• [0151]
    In exemplary embodiments, the request may be received from a VNSP and the requested virtual routing service may be provided without any intervention from a VNSP manager.
  • [0152]
    In other embodiments, the request may be received from a customer self service and the requested virtual routing service may be provided without any intervention from a VNSP manager.
  • [0153]
    In exemplary embodiments, the physical resources allocation entity may be configured for:
      • during an initial state, allocating LRPs from the ARC-LRP binding entity stated as “ready” in the LRP status table available to perform new ARCs to be installed in the network node system and provided by customers self-service or a VNSP manager in the autonomic network node system,
  • [0155]
    once LRPs are successfully allocated, executing the new required ARC, stating these LRPs as “allocated” in the LRP status table and installing the new ARC in the autonomic network node system, creating a ARC-ID for the new ARC in the ARC-LRP binding table and transferring the ARC-ID to the AVRs-ARC library entity with ARC status marked as “new”.
  • [0156]
    In exemplary embodiments, the logical components allocation entity may be configured for:
      • during an initial state, transferring all ARCs performed by at least one LRP from the ARC-LRP binding entity to the AVRs-ARC library entity,
      • during an autonomic state, allocating ARCs stated as “ready” from the AVRs-ARC library entity following an allocation procedure conducted by the autonomic engine.
  • [0159]
    The initial state may be the state that takes place just after the start up of the autonomic network node system. The autonomic state may be the state that takes place just after the initial state of the autonomic network node system and may be triggered through the autonomic engine.
  • [0160]
    Once ARCs are allocated, they may be stated as “allocated” in the AVRs-ARC library database.
  • [0161]
    In an exemplary embodiment, the received request of on demand virtual routing service may comprise a request identifier comprising at least one of a customer or VNSP identifier, a membership identifier and a process type information of the requested service provided.
  • [0162]
    In another exemplary embodiment, the received request may comprise a “VR creation” request object, in which method a VR instance is created for the customer if no VR instance is already installed in the autonomic network node system.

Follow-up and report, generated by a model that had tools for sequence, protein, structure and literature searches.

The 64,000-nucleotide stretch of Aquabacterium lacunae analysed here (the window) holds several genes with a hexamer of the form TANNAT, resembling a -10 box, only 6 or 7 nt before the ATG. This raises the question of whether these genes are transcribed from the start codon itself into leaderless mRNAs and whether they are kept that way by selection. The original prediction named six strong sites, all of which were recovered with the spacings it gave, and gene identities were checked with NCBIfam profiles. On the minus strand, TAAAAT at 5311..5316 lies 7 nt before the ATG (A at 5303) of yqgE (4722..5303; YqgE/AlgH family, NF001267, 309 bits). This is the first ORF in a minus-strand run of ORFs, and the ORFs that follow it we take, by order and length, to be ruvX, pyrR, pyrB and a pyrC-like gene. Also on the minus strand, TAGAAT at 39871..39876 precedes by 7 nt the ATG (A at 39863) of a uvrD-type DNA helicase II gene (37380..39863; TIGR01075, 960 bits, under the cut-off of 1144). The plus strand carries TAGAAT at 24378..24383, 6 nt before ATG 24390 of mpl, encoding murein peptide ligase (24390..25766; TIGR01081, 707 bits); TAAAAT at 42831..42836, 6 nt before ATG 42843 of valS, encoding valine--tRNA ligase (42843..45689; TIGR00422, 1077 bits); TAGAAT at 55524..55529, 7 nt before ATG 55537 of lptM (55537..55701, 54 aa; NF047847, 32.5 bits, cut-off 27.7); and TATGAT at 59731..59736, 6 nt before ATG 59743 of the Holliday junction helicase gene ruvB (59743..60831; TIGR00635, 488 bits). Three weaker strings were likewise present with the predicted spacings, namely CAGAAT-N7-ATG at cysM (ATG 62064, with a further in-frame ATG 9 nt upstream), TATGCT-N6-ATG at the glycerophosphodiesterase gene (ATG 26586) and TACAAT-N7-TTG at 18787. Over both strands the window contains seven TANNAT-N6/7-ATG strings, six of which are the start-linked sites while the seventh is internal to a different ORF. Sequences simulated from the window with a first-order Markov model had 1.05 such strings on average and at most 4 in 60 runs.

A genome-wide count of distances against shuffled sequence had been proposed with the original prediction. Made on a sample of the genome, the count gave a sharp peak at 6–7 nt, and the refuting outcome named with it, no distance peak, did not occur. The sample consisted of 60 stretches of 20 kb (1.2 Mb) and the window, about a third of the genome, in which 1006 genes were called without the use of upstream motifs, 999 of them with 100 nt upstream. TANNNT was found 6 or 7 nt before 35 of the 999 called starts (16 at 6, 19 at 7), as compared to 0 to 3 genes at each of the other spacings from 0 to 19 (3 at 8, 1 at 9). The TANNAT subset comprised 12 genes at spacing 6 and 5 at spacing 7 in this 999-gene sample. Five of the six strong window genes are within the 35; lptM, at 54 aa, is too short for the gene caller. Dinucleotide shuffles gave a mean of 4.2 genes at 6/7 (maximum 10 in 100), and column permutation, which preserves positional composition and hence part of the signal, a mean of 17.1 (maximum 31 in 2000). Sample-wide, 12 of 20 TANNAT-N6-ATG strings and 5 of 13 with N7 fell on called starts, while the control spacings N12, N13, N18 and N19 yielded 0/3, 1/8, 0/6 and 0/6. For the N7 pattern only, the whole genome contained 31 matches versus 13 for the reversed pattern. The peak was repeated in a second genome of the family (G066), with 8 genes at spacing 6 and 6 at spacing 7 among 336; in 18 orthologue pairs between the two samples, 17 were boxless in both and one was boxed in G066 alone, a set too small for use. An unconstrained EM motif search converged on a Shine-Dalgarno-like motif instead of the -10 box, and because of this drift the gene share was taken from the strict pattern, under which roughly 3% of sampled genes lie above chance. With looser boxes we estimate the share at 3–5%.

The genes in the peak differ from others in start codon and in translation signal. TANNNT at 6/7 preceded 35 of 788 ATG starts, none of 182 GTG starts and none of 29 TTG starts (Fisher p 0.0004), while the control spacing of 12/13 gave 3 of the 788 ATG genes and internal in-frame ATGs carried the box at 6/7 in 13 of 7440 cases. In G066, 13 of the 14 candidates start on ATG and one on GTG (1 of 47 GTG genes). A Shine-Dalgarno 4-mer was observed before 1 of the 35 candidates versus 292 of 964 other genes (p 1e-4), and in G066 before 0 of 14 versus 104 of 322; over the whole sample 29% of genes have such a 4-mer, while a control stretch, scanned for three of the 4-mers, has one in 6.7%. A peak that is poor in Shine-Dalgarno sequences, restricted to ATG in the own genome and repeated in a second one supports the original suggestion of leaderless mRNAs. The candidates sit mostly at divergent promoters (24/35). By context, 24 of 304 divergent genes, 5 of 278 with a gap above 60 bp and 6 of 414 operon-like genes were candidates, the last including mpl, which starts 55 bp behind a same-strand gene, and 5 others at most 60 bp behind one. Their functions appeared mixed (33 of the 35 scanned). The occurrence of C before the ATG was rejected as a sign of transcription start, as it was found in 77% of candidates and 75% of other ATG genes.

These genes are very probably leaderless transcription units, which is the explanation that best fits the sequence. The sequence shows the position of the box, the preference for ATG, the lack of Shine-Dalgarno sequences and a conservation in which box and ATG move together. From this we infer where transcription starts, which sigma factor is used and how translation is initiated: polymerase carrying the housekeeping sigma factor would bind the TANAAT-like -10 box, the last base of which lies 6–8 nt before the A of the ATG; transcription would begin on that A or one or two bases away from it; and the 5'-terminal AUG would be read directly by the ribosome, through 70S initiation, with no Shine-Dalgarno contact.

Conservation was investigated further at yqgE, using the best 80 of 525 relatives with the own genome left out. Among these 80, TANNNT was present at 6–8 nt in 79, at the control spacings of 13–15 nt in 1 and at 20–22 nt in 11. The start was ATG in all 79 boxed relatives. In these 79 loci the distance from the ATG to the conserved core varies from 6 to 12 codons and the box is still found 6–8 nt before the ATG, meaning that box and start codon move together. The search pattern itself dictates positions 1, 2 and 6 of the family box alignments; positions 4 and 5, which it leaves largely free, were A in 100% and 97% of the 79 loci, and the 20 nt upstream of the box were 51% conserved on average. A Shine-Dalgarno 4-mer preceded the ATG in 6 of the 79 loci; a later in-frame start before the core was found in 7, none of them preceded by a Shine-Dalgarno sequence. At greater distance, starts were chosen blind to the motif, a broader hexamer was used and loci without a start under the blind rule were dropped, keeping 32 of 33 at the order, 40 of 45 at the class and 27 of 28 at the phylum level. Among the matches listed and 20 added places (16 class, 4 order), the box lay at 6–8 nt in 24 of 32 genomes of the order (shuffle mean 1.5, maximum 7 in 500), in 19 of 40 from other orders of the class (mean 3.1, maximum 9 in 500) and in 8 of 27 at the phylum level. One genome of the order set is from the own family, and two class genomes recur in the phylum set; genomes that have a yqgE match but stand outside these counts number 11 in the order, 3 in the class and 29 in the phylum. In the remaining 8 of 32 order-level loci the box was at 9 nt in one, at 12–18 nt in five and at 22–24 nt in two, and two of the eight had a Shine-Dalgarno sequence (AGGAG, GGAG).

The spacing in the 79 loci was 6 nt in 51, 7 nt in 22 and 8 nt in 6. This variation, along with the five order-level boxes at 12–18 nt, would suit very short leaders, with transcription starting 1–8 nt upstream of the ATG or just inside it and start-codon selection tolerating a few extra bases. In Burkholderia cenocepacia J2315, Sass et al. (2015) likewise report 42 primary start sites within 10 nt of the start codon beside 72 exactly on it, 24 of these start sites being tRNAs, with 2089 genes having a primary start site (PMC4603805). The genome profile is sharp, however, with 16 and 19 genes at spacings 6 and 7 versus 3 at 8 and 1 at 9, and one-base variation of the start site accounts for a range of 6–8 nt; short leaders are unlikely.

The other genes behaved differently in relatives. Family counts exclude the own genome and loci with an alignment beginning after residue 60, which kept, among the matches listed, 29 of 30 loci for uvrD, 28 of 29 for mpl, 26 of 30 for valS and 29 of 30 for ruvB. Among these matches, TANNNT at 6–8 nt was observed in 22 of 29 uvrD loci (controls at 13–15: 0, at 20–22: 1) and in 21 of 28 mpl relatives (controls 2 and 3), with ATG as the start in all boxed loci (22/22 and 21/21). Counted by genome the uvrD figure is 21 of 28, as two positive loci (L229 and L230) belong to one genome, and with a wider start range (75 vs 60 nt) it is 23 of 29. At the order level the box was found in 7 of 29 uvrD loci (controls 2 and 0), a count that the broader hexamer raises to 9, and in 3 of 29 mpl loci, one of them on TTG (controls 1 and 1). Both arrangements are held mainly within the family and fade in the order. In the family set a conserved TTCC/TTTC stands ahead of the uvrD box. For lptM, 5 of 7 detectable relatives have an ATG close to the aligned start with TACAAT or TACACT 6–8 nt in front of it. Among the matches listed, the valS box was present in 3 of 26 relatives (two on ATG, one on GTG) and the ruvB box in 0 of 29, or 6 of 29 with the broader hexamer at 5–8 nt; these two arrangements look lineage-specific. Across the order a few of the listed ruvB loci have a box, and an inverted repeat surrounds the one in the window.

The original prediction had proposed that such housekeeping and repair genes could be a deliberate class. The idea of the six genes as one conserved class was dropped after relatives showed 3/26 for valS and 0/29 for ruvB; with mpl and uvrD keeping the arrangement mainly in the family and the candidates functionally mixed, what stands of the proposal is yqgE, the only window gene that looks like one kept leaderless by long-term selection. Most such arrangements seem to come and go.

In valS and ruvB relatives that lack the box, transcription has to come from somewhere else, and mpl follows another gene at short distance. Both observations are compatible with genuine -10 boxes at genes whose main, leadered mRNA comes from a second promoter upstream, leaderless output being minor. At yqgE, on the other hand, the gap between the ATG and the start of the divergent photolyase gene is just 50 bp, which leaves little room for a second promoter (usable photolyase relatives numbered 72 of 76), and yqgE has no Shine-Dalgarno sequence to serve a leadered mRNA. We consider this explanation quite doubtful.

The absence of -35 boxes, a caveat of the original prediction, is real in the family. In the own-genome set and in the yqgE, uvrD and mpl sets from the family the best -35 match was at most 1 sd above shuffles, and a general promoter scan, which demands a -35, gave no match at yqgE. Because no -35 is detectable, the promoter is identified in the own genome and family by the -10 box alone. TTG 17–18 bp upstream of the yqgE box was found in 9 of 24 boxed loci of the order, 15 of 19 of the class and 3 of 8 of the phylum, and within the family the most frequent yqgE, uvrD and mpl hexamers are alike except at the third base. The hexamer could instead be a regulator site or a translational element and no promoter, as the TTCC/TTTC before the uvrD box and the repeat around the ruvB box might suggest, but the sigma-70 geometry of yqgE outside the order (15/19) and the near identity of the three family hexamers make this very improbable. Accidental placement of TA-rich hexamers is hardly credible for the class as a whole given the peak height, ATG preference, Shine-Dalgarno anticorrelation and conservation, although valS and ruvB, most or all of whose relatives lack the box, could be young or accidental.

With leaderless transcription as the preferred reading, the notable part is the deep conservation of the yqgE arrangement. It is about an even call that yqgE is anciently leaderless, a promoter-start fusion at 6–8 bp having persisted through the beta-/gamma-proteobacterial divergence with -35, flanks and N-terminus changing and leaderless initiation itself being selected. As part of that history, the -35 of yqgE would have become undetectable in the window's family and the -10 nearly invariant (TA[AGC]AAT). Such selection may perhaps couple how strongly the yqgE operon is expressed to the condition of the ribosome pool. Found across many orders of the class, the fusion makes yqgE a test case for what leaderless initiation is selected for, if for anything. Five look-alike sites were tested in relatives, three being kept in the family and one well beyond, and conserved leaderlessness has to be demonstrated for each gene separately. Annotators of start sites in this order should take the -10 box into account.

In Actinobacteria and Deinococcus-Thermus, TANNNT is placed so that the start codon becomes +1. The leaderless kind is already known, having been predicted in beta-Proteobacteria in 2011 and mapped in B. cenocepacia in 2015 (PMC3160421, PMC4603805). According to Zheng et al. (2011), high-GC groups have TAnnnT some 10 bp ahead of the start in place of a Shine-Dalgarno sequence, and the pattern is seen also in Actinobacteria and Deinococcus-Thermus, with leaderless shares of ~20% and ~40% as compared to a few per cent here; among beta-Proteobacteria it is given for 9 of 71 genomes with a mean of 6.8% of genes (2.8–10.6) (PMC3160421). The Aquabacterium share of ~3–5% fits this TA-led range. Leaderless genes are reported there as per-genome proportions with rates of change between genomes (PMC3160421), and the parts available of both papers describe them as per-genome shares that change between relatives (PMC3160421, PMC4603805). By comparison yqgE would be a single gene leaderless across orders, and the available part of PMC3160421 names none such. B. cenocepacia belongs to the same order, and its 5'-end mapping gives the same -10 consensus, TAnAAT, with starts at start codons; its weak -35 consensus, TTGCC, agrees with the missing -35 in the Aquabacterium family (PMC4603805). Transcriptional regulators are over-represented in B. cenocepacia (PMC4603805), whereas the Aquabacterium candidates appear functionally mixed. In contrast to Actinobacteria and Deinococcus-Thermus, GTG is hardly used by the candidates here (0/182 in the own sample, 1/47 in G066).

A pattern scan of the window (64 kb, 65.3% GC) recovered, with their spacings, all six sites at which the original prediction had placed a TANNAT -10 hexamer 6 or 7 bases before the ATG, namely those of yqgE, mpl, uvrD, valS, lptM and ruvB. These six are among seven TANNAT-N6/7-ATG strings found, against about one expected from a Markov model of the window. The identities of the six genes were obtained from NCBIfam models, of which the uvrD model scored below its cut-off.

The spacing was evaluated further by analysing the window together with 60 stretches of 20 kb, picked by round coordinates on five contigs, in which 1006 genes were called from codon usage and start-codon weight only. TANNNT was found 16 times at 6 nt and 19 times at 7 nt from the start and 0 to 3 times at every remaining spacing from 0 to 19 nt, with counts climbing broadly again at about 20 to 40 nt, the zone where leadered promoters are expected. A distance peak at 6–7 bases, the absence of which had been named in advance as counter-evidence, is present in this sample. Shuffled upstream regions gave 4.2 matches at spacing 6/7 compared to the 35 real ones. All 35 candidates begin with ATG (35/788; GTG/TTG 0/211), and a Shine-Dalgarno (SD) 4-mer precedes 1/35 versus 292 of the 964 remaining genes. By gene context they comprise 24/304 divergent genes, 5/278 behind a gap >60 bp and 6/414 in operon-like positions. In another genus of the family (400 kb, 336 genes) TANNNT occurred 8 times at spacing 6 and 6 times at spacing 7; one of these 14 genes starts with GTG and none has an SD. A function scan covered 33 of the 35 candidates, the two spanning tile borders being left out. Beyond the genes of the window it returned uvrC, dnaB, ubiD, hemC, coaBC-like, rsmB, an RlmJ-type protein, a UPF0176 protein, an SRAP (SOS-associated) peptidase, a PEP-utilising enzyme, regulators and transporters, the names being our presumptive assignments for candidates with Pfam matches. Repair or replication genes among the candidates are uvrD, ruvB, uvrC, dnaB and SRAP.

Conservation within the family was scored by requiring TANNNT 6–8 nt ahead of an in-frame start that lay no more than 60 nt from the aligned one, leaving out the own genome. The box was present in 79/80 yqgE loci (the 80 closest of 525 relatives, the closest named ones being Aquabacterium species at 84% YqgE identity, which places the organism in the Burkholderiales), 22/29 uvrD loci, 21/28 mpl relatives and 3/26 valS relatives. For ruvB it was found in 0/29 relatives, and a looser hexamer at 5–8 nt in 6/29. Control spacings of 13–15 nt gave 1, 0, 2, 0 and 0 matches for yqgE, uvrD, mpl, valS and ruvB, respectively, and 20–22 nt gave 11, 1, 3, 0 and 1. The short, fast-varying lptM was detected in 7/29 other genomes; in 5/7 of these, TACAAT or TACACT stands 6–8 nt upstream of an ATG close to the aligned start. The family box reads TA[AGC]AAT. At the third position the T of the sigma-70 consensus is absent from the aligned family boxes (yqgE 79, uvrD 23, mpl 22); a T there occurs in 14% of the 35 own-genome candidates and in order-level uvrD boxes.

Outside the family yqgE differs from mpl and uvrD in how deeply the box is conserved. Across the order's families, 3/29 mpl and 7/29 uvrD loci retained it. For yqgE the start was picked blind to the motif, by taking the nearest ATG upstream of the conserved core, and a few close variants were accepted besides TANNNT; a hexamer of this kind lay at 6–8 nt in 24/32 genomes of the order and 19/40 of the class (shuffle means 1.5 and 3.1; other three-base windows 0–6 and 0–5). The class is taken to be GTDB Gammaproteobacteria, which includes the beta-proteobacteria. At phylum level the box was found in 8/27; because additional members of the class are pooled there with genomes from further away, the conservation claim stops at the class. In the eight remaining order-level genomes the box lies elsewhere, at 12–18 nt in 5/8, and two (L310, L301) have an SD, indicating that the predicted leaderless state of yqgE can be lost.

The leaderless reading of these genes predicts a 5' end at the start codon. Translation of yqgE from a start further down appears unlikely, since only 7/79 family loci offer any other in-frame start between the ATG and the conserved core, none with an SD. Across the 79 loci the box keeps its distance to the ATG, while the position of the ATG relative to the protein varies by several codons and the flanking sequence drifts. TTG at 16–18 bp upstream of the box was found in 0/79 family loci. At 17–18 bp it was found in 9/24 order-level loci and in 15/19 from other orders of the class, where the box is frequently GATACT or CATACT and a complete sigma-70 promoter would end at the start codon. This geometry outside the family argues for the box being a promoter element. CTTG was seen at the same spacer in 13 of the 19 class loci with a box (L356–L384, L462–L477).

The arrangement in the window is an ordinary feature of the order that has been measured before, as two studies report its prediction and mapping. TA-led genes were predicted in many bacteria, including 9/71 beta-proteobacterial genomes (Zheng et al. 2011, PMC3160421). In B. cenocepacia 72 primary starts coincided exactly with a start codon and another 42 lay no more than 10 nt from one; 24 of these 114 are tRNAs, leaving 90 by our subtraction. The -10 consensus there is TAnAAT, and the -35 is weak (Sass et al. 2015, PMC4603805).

• [0163]
    In another exemplary embodiment, the received request may comprise a “VR configuration” request object, in which method ARC components in a VR instance already installed in the autonomic network node system are configured and/or changed.
  • [0164]
    In another exemplary embodiment, the received request may comprise a “VR removal” request object, in which method a VR instance already installed in the autonomic network node system is removed.
  • [0165]
    In another exemplary embodiment, the received request may comprise a “value added service deployment in VR” request object, in which method the need for deploying new services in an already created VR instance is informed.
  • [0166]
    In another exemplary embodiment, the received request may comprise a logical components allocation process in which method a VNSP manager or a customer self-service allocates at least one ARC component available in the autonomic network node system.
  • [0167]
    The received request may comprise a data part and the autonomic manager, based on the data part, may allocate at least one required ARC from the AVRs-ARC library entity via the logical components allocation entity.
  • [0168]
    The received request may comprise a physical resources allocation process in which a VNSP manager or a customer self-service allocates a plurality of LRPs to install their own ARCs in the autonomic network node system.
  • [0169]
    In another exemplary embodiment, the received request may comprise a data part comprising ARCs software codes, and the autonomic manager may allocate at least one LRP from the ARC-LRP binding entity, via the physical resources allocation entity, to install the ARCs software codes.
  • [0170]
    In another exemplary embodiment, the received request may comprise a data part comprising VR creation information providing parameters and capabilities information needed for the VR instance creation, and the autonomic manager, based on the VR creation data information, may be configured for allocating at least one required ARC available in the autonomic network node system to create the VR instance.
  • [0171]
    In another exemplary embodiment, the received request may comprise a data part comprising service deployment information providing parameters and capabilities information needed for the service creation and deployment in the VR, and, based on the service deployment data information, the autonomic manager may be configured for allocating at least one required ARC available in the autonomic network node system to create the service components and deploy them in the VR.